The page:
@Inflows - yes it was going down but we were short the stock so that's a good thing. But then again, it could be argued that it is more of an adjustment rather than a cash flow. On the other hand, coupon is a cashflow but it isn't increasing anything. @Hedge fund fees - Did you take into account that they gave the value of year 2007 in the question somewhere? I'm not sure what I marked in the end but I do remember being able to get 2.99

Hi, i left it out on purpose actually, cause with 4 prices you only have 3 periods covered 2008-2009, 2009-2010 and 2010-2011 I think. Hence, only for those periods we can calculate the fees, because for one fee we would NOT know whether there is a performance fee to be applied or not. Regards, J

the q about Wrong way risk from A's perspective : i answered with b, a: counterparty b offered to sell put options to a on b stocks b: company a have a debt with b, & was having collateral of b bonds. although Q1: i answered c, since it was collaterlized with 51%. more than any positions else. also Q about three managers or somethin,,,, nix, cheson and rey i choosed A, haigher IR., he was the middle one.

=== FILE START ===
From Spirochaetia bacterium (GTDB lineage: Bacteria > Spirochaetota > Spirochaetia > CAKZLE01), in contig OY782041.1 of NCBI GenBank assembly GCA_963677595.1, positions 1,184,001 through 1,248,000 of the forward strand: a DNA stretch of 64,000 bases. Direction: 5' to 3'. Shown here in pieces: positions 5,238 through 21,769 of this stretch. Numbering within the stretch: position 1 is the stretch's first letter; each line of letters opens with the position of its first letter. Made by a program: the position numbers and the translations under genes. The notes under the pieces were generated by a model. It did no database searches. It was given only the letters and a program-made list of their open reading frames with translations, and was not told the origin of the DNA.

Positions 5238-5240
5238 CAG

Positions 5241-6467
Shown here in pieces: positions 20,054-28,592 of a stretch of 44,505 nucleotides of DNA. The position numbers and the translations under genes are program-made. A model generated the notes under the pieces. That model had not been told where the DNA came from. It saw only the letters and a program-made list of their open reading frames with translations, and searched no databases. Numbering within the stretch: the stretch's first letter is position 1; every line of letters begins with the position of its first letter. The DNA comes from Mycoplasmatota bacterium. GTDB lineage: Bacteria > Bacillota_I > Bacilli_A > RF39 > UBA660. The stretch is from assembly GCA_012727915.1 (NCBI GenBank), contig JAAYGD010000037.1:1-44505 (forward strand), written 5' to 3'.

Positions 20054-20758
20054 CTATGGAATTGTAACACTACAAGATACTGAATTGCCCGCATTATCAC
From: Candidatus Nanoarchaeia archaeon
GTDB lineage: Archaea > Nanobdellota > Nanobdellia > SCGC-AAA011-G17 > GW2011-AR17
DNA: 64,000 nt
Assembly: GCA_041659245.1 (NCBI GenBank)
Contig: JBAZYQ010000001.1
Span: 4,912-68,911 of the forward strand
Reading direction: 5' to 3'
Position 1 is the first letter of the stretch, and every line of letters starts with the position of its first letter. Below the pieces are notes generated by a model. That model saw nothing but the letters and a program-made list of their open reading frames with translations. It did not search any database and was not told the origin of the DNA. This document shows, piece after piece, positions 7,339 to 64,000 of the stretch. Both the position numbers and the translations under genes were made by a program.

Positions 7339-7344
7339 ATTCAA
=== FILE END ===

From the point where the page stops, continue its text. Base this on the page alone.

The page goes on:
Hi, @convertible: Still, it leads to a cash outflow, even though performance will be positive. @hedge fund fees: see my logic above. Regards, J

@1: No, it was bank B offering selling puts on its own shares. Take into account, that question was asking from Bank A perspective. If bank A takes a debt from B and secures it with bonds of B, it will be a wrong-way risk for B. @2: I also chose NIX and Information ratio, even though Cheson would have highest sharpe ratio.